Yes, it's true; thermal runaway can and does happen in Valve Regulated Lead Acid (VLRA) Absorbed Glass Mat (AGM) batteries, and is not a new phenomenon afflicting Lithium Ion batteries alone. A Google search of "Thermal Runaway in AGM Batteries" will reveal enough technical papers on the subject to keep even the most techno-savvy occupied for a long while, and will save me trying to explain the why's and wherefore's here. The simple fact is that, given the right conditions, an AGM battery can, and will, start a self-perpetuating internal heating process (thermal runaway) that can end in catastrophic failure with the possibility of fire and explosion. So why is there so much negative publicity and bad karma surrounding Lithium Ion batteries, when AGM's are prone to much the same maladies?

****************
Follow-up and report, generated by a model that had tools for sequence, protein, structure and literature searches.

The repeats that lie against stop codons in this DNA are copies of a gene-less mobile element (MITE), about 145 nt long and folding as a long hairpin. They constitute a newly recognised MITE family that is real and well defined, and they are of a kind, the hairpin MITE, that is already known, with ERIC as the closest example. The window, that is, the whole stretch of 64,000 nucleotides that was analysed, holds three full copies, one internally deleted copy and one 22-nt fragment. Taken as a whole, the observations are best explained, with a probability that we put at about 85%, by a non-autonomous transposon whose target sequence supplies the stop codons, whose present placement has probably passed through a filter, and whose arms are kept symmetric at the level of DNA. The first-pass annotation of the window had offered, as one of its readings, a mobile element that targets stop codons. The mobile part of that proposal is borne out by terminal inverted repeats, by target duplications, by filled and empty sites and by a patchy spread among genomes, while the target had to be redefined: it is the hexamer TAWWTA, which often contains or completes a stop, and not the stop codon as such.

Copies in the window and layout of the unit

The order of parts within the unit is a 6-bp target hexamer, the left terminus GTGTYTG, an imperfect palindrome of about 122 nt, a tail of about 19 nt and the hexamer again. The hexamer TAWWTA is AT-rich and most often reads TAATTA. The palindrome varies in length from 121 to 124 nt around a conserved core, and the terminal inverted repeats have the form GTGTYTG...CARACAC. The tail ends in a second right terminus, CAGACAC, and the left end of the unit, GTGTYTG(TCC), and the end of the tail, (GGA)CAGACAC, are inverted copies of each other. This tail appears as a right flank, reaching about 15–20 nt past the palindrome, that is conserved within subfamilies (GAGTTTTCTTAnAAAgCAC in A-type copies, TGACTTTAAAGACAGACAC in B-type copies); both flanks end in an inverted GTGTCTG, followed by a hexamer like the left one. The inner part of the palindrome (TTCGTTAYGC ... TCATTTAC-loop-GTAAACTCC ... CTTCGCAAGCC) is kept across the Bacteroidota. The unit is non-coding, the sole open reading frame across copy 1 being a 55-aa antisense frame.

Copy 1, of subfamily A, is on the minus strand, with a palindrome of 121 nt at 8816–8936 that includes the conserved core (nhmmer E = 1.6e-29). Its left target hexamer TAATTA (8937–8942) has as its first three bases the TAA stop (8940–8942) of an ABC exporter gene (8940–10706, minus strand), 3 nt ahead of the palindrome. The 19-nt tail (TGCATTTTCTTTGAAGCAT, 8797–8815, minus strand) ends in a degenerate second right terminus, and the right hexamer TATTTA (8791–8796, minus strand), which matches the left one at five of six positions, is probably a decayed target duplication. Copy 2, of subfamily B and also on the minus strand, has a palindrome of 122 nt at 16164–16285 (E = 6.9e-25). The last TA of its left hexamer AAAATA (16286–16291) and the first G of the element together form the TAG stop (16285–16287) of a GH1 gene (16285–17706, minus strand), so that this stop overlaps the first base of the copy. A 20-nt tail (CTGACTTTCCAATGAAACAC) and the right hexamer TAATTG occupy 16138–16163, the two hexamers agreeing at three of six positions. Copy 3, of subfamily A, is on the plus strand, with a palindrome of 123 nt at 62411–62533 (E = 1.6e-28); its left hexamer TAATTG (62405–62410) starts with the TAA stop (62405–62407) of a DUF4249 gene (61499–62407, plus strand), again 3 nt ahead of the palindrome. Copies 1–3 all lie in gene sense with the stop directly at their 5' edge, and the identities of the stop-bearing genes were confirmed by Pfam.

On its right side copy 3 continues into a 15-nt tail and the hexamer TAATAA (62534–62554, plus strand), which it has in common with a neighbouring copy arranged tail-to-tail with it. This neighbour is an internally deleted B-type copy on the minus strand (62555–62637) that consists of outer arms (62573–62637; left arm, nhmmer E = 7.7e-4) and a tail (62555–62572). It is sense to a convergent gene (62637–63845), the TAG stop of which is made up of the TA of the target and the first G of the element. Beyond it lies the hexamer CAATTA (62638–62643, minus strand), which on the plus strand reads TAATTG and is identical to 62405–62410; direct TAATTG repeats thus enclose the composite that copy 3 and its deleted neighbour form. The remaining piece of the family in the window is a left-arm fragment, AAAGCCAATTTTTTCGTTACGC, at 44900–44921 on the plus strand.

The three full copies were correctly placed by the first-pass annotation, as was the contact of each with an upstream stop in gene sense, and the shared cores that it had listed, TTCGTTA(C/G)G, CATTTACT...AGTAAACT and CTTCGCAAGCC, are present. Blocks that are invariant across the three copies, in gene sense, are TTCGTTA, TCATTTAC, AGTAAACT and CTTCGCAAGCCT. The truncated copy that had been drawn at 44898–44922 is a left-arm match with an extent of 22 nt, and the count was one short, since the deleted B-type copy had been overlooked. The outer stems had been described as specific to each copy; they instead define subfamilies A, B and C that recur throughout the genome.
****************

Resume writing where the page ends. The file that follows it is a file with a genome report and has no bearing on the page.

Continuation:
Early pioneers of marine lithium battery systems used individual cells in a rectangular format, and some still do. These types of cells are referred to as “prismatic”, which by definition means having the form of a prism, which is hardly a representative description unless you imagine two prisms joined together to make a rectangle. A more accurate description would be: “a right rectangular prism”, as opposed to a “wrong” or a “left” rectangular prism, one supposes. But I digress …
Prepare for those inconvenient power outages, or for the trending living-off-the-grid
We sell a fabulous battery – Firefly’s 2v/4v model, which has all the advantages of their popular Group 31, but in a different format. Here's where I intend to use them in a future project.